Some epilepsy is idiopathic, meaning that the cause is either genetic or unknown, Acharya said. “Then there’s symptomatic epilepsy, which might be caused by a malformation in your brain, or by some type of injury or scarring to the brain, or a brain tumor,” he said. Magnetic resonance imaging or positron emission tomography scans can help pinpoint an underlying cause or location for epilepsy.
Treatment typically starts with an oral medication. If that doesn’t work, physicians can try a different medication or a combination. “Nearly 60% of our patients have success with mono or combined drug therapies,” Acharya said.
A third of people with epilepsy, however, don’t gain control of their seizures with medication alone.
“At our level IV epilepsy center at Penn State Health, we often see patients with drug-resistant epilepsy,” Acharya said. “They have failed multiple drug therapies and have been referred to us to look at other options.”
Those options include surgical resections, during which abnormal brain tissue is removed. This is only possible for patients with focal epilepsy affecting a “non-eloquent part of the brain,” Acharya said. “We won’t touch areas like the primary motor area, the language center or visual cortex.” The medical team will use various tests to evaluate whether removal of the epileptic region of the brain risks causing major neurological complications.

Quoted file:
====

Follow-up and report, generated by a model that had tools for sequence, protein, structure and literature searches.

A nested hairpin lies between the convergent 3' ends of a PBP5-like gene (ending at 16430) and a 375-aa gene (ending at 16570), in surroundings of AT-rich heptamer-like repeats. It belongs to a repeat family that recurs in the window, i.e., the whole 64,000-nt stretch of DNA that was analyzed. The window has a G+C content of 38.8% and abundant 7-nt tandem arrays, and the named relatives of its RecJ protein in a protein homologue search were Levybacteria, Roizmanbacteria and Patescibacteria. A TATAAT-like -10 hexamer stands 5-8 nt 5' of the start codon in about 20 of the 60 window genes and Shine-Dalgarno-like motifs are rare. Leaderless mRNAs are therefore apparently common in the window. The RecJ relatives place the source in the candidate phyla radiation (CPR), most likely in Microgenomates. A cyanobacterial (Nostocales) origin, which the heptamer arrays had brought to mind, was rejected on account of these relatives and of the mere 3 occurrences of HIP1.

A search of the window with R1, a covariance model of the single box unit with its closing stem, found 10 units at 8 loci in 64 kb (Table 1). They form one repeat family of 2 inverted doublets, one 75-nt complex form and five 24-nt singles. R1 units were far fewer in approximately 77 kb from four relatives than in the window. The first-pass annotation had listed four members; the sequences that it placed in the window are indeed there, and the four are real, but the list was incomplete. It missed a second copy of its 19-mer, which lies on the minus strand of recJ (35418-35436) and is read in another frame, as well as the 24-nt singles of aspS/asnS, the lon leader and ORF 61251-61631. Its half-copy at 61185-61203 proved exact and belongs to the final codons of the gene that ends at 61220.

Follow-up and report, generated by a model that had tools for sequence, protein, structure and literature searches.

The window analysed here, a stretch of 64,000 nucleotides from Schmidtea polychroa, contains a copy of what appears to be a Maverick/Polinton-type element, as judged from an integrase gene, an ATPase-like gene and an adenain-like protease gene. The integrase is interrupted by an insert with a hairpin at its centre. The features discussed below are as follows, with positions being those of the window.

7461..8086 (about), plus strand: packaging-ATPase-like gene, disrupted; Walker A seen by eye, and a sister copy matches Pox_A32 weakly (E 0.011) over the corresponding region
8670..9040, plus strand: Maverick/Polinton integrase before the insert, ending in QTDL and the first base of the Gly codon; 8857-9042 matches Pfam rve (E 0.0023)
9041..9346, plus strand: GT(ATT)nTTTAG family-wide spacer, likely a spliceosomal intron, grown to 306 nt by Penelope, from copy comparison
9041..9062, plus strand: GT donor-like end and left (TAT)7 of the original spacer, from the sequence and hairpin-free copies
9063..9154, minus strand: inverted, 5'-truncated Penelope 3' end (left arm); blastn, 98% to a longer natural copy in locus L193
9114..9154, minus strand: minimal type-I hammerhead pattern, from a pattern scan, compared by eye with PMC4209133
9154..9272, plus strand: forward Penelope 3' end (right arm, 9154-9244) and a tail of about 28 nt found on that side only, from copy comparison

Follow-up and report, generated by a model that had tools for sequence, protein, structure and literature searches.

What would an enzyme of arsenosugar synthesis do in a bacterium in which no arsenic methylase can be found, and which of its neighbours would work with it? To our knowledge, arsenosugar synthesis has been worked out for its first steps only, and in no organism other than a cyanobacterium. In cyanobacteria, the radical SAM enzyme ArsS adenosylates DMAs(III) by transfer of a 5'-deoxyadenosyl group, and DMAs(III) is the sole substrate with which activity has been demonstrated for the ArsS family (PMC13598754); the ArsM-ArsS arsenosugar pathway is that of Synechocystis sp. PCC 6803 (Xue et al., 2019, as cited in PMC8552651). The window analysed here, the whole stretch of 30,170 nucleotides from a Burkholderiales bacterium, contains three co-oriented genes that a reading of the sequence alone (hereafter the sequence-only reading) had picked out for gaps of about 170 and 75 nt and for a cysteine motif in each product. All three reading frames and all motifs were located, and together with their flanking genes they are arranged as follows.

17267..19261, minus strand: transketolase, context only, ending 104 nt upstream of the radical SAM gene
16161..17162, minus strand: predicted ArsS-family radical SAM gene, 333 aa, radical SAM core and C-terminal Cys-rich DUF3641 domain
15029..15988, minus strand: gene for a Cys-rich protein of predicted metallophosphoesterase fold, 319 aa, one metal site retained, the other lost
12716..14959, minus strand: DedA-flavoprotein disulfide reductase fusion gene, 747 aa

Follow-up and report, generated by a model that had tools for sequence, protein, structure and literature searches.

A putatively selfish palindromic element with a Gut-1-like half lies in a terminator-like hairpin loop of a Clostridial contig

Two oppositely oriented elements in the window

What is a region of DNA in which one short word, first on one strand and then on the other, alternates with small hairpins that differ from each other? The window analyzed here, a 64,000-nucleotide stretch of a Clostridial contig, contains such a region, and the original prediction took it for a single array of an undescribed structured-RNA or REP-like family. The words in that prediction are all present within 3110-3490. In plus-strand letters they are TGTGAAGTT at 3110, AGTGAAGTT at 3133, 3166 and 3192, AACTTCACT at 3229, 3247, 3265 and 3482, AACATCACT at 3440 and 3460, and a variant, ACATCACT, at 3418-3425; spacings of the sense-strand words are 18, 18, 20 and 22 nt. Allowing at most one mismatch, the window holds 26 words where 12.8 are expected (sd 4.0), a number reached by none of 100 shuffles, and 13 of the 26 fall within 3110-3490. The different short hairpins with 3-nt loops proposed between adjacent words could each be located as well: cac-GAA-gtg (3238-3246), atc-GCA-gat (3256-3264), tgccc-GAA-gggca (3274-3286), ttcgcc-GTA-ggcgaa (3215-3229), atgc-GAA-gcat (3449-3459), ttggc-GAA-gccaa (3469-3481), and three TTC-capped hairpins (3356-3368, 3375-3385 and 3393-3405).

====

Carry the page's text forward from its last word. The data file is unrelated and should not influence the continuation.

Laser thermal ablation, a newer surgical option, uses heat to destroy small areas of abnormal brain tissue. With surgery or ablation, patients have a 65 to 70% chance of becoming completely free of seizures, Acharya said.
Patients with drug-resistant epilepsy who are not surgical candidates may find relief from their seizures through neurostimulation devices.
Diet can play a significant role in controlling epileptic seizures. The ketogenic diet was developed for epilepsy several decades ago, Acharya said. Originally designed as 90% fat and 10% proteins and carbohydrates, the physician-monitored, restrictive diet can reduce seizures in some people by 50%, but it takes at least three months of strict adherence for it to work.
“People have come up with modifications to make it easier to stay on,” Acharya said. “One is a modified Atkins diet that allows more protein and more carbohydrates.”
Epilepsy is considered a life-long condition. But some patients may eventually see their diagnosis resolved.
“If someone on medication goes a few years without having a seizure, we’ll start to wean them off of their medication,” Acharya said. “Many continue to do fine, with no reported seizures. Once they’ve gone 10 years without a seizure — including at least five years being off of all medication — they are considered to have their epilepsy cured or resolved.”
Even if a patient never fully recovers from epilepsy, by controlling their seizures and managing their epilepsy, they can enjoy a high quality of life, Acharya said.